The Welsh photographer Charles Clifford began taking photographs in 1850 and spent most of his photographic career in Madrid, becoming the official photographer to Queen Isabel II in 1858. Although his early death cut short his career, he produced a remarkable body of work, primarily photographing Spain's medieval and modern architecture, including building projects undertaken during the queen's reign. His favored photographic process was the albumen print made from a collodion negative, though he also made prints from paper negatives.
Puerta de Santa Cruz, Toledo shows the entrance doorway to the 16th-century Hospital of Santa Cruz, which is now a museum. The mount is blindstamped "C Clifford, Photo of H M" [Her Majesty], suggesting that it was taken some time after 1858. Though his architectural views encompassed a wide range, Clifford favored close-up views of intricately decorated doorways such as this example. The rich print subtly captures the tonal variations between light and dark on the facade, successfully imparting a sense of three-dimensionality to the sculptural decoration. The placement of the camera gives energy to the composition by positioning the facade at a slight angle rather than parallel to the lens. This photograph is the first by Clifford to enter the Gallery's collection. It joins a small group of 19th-century prints by French and British photographers working abroad.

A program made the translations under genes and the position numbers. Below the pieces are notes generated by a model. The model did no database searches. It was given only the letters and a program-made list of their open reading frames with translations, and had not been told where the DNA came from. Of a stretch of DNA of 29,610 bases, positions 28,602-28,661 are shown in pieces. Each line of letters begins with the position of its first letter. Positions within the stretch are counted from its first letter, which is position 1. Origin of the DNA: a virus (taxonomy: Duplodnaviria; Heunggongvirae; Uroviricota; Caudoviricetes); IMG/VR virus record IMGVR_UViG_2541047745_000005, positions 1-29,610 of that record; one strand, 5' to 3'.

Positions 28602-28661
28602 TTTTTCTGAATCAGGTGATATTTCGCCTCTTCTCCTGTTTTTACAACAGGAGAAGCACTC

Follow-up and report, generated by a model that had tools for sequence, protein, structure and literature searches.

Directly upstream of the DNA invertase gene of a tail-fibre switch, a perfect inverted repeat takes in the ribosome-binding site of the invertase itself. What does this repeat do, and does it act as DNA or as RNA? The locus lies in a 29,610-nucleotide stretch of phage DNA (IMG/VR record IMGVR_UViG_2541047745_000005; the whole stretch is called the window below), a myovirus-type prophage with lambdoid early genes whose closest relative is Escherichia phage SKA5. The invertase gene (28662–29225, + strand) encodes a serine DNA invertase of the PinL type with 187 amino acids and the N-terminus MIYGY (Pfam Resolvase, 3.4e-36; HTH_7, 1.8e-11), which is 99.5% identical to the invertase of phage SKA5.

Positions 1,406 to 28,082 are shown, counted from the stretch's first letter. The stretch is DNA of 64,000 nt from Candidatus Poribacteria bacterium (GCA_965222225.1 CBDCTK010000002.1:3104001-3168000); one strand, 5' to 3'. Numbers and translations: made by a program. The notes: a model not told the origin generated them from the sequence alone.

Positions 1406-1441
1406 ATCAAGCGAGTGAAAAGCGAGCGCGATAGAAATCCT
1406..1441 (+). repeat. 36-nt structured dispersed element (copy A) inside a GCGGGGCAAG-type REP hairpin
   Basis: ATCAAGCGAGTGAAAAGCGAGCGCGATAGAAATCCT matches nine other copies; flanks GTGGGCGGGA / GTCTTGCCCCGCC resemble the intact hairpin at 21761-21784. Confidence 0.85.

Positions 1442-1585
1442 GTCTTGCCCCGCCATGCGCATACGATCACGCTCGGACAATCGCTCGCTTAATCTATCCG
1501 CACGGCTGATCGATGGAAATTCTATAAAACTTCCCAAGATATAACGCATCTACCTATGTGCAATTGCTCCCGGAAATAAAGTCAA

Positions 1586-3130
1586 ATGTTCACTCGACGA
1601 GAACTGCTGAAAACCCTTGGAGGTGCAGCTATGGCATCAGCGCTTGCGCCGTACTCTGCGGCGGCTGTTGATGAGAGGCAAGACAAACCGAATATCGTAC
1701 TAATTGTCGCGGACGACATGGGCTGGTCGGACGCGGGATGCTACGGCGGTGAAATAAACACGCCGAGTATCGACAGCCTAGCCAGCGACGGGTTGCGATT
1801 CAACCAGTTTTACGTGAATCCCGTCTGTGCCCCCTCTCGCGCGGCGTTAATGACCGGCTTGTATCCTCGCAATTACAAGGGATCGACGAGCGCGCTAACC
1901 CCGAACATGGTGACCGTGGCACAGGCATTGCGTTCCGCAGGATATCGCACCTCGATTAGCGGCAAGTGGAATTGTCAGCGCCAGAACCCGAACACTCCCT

by unknown hand, under image on mount in brown/black ink: Puerta de Santa Cruz / Toledo.
Marks and Labels
embossed lower left on image and mount: C. Clifford / Photo of HM [Clifford's official blind stamp].
(Robert Hershkowitz, Ltd., Sussex); NGA purchase, 2010.